Decide what you like and dislike about your old tires. Do they get too many flats? Do they work well off road and on?
Understand that some tire problems may have been caused by not riding with the right tire pressure.
Look on the sidewall for the exact dimensions of your old tire. You'll need this information when you go to the bike shop, but keep in mind that you have the option of going to a wider or thinner tire.
Consider a front-specific or rear-specific tire for a mountain bike if you ride off road. Ask your local shop what they recommend - a tire that works well in one region's terrain may not work well in another.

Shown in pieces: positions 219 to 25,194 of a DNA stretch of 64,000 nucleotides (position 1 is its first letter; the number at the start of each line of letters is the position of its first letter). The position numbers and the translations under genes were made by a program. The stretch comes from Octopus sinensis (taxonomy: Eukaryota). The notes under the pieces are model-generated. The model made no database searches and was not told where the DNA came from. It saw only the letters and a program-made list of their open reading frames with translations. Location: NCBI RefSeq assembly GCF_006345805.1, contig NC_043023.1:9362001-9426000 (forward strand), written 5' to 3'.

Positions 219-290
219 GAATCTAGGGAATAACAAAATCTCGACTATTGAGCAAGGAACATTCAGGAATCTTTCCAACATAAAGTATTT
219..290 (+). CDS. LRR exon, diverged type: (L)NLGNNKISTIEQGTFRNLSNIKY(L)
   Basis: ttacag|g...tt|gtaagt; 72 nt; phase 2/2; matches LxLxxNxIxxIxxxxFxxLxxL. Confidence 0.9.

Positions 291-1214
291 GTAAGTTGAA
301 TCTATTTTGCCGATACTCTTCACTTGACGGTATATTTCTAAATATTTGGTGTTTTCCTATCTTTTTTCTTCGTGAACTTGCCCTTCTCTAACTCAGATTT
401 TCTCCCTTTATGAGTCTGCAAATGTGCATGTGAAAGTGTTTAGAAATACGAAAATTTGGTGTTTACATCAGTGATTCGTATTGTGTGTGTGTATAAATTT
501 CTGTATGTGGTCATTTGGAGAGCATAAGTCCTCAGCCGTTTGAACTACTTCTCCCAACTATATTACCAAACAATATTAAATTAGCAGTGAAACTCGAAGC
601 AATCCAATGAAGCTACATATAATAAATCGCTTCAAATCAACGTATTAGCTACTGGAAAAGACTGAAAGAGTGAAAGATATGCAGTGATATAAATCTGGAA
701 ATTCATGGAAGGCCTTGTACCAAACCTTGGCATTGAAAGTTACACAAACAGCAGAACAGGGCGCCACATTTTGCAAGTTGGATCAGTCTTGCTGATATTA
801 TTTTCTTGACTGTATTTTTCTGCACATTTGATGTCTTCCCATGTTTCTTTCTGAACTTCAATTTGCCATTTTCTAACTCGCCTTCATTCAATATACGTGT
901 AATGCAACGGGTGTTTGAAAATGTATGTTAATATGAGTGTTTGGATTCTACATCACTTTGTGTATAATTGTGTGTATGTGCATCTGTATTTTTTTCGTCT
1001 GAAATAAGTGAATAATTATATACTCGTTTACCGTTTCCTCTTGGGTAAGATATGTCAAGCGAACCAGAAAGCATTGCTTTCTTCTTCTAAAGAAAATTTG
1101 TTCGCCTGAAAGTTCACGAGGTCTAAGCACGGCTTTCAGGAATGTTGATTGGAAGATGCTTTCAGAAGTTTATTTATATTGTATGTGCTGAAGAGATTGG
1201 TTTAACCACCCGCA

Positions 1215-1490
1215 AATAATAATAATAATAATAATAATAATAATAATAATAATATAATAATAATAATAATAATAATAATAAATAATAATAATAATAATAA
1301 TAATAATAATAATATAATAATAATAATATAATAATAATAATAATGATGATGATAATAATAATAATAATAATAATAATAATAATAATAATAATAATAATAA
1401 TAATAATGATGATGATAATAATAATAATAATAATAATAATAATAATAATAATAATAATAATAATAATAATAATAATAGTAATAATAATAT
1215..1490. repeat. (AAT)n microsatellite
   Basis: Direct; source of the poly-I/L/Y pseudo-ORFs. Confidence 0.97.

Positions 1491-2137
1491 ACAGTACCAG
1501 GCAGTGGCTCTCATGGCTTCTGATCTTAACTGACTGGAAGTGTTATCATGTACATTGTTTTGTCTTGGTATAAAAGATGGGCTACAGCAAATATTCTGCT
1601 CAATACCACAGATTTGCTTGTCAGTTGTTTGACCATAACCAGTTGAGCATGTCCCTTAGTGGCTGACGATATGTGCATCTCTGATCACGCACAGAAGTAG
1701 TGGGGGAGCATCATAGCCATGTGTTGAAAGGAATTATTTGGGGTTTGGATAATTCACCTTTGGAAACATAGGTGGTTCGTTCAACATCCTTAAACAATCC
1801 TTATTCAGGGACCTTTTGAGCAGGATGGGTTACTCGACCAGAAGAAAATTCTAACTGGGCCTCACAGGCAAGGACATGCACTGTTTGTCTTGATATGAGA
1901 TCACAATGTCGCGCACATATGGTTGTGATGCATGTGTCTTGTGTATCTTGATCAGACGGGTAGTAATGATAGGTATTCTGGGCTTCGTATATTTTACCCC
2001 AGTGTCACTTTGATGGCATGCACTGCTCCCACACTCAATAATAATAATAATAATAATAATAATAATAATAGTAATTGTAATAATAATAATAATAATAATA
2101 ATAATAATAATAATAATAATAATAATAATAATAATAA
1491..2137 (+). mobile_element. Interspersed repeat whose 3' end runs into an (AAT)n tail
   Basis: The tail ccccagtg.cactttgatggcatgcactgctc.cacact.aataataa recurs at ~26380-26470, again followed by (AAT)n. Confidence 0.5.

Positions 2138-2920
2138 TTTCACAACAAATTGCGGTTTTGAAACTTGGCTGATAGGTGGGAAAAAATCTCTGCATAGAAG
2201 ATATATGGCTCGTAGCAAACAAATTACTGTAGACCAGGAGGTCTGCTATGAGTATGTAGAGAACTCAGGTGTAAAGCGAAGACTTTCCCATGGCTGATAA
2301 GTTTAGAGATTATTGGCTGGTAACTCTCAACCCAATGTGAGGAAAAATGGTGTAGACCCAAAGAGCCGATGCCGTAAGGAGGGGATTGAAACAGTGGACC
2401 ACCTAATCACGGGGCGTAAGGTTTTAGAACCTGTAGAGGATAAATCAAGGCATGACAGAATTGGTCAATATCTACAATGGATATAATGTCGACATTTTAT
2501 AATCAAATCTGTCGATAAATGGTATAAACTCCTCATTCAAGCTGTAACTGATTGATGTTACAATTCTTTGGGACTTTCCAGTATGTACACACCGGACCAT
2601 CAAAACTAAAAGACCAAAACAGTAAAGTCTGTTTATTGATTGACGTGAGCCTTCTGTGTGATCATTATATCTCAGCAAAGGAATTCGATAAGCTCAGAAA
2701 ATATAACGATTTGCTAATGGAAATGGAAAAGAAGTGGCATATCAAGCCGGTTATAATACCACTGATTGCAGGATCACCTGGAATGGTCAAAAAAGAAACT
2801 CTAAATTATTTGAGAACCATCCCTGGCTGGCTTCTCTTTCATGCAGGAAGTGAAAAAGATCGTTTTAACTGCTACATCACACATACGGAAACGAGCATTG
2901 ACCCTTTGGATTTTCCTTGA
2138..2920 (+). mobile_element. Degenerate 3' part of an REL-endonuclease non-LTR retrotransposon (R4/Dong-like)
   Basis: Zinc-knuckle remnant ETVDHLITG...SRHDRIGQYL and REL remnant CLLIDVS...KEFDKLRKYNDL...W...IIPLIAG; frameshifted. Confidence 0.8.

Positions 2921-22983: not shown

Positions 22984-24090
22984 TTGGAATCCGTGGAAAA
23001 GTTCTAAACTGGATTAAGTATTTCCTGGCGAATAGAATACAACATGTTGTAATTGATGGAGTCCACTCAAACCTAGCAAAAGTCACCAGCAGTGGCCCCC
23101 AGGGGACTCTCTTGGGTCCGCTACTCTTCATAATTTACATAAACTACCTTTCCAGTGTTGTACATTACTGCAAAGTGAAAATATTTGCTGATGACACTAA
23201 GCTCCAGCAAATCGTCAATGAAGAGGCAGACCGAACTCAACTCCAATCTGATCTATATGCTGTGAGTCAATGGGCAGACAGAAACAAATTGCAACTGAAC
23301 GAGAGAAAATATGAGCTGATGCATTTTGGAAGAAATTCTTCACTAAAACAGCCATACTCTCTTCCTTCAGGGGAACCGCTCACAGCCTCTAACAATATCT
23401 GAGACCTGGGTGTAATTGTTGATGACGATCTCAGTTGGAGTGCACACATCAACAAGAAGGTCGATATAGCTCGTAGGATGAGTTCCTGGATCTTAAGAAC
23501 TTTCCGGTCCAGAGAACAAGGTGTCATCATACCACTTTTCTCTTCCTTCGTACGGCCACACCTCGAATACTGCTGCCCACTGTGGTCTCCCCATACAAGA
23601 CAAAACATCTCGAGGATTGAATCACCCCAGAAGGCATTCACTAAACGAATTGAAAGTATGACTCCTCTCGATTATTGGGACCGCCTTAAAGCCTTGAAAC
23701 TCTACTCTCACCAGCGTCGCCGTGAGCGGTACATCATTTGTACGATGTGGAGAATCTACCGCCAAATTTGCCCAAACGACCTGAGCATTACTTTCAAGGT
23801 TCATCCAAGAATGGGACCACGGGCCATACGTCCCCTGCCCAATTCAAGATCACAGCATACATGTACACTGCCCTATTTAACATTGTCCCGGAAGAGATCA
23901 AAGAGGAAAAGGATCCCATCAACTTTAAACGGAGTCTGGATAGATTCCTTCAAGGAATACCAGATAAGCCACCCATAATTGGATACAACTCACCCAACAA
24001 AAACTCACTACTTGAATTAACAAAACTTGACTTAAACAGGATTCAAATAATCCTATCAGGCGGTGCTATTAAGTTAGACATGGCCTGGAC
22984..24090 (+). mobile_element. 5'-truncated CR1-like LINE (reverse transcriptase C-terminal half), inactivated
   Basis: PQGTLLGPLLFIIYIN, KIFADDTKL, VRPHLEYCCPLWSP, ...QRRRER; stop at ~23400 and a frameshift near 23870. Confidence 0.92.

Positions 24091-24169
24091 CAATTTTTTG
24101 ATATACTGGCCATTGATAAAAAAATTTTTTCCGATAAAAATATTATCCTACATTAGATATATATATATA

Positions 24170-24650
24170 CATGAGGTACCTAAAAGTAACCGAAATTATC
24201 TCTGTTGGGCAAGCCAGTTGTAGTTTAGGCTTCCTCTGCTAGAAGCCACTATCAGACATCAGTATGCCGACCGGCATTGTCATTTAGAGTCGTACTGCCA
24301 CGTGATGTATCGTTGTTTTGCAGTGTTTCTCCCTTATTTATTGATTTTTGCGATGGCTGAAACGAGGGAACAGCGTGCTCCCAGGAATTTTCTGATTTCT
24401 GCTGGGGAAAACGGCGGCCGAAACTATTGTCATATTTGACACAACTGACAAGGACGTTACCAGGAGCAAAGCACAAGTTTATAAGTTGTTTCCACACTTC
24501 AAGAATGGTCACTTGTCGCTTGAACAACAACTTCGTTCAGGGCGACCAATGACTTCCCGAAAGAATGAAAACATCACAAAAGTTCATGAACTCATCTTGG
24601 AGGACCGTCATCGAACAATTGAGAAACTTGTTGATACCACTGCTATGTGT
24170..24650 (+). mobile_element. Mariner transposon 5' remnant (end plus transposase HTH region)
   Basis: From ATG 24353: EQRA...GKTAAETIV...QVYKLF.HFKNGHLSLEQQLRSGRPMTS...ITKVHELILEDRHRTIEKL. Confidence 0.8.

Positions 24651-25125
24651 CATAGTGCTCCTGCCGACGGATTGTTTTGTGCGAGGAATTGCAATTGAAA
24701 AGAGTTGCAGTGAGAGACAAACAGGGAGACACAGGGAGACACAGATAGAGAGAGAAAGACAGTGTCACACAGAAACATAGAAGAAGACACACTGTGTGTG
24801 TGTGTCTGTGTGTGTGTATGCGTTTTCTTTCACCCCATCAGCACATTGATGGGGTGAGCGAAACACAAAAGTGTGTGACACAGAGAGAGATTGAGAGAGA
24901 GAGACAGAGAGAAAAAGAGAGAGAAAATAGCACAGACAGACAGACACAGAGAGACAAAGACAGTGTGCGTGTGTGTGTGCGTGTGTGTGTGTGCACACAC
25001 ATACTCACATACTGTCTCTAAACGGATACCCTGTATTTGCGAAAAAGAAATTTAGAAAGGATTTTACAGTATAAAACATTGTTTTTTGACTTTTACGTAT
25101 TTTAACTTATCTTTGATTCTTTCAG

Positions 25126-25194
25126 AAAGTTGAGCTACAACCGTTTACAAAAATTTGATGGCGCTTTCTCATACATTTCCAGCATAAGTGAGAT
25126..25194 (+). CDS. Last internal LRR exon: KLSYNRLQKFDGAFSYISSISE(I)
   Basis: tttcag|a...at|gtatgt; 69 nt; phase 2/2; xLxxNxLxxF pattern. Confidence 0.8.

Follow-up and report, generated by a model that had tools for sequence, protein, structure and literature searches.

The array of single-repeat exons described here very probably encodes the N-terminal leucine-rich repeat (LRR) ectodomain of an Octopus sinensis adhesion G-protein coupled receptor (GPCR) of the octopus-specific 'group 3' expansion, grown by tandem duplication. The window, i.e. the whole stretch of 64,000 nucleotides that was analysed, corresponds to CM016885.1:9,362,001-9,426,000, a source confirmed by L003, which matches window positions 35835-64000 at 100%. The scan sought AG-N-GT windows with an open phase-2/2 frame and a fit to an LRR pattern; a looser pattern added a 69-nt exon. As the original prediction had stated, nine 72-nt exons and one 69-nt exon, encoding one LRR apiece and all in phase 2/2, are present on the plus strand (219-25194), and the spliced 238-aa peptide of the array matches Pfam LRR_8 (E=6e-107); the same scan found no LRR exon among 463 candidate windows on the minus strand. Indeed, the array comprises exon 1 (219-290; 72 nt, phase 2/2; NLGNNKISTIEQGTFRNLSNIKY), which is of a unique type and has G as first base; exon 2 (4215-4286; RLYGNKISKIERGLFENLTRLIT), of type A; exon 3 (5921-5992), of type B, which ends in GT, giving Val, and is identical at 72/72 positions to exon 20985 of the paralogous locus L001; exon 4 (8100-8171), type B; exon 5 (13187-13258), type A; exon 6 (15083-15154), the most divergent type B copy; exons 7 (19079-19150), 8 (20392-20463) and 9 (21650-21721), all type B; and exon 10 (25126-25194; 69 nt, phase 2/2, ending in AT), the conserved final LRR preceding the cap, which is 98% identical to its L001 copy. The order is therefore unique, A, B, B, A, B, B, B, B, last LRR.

Consider a slick tire or a tire with an inverted tread for a mountain bike if you rarely go off road. These tires won't buzz on the pavement and will improve your cycling efficiency dramatically.
Consider a wider tire for your road bike if you've been getting lots of flats or if your bike is harsh-riding. Many road bikes are sold with 700-by-20 or 700-by-23 tires, but 700-by-25 or 700-by-28 tires offer better comfort, better durability and fewer flats.
Consider kevlar-belted tires if you get lots of flats. You might also consider special tubes. Ask your local shop what they recommend.
Consider folding tires if you want to save weight. Realize that these tires often cost twice as much as the non-folding equivalent.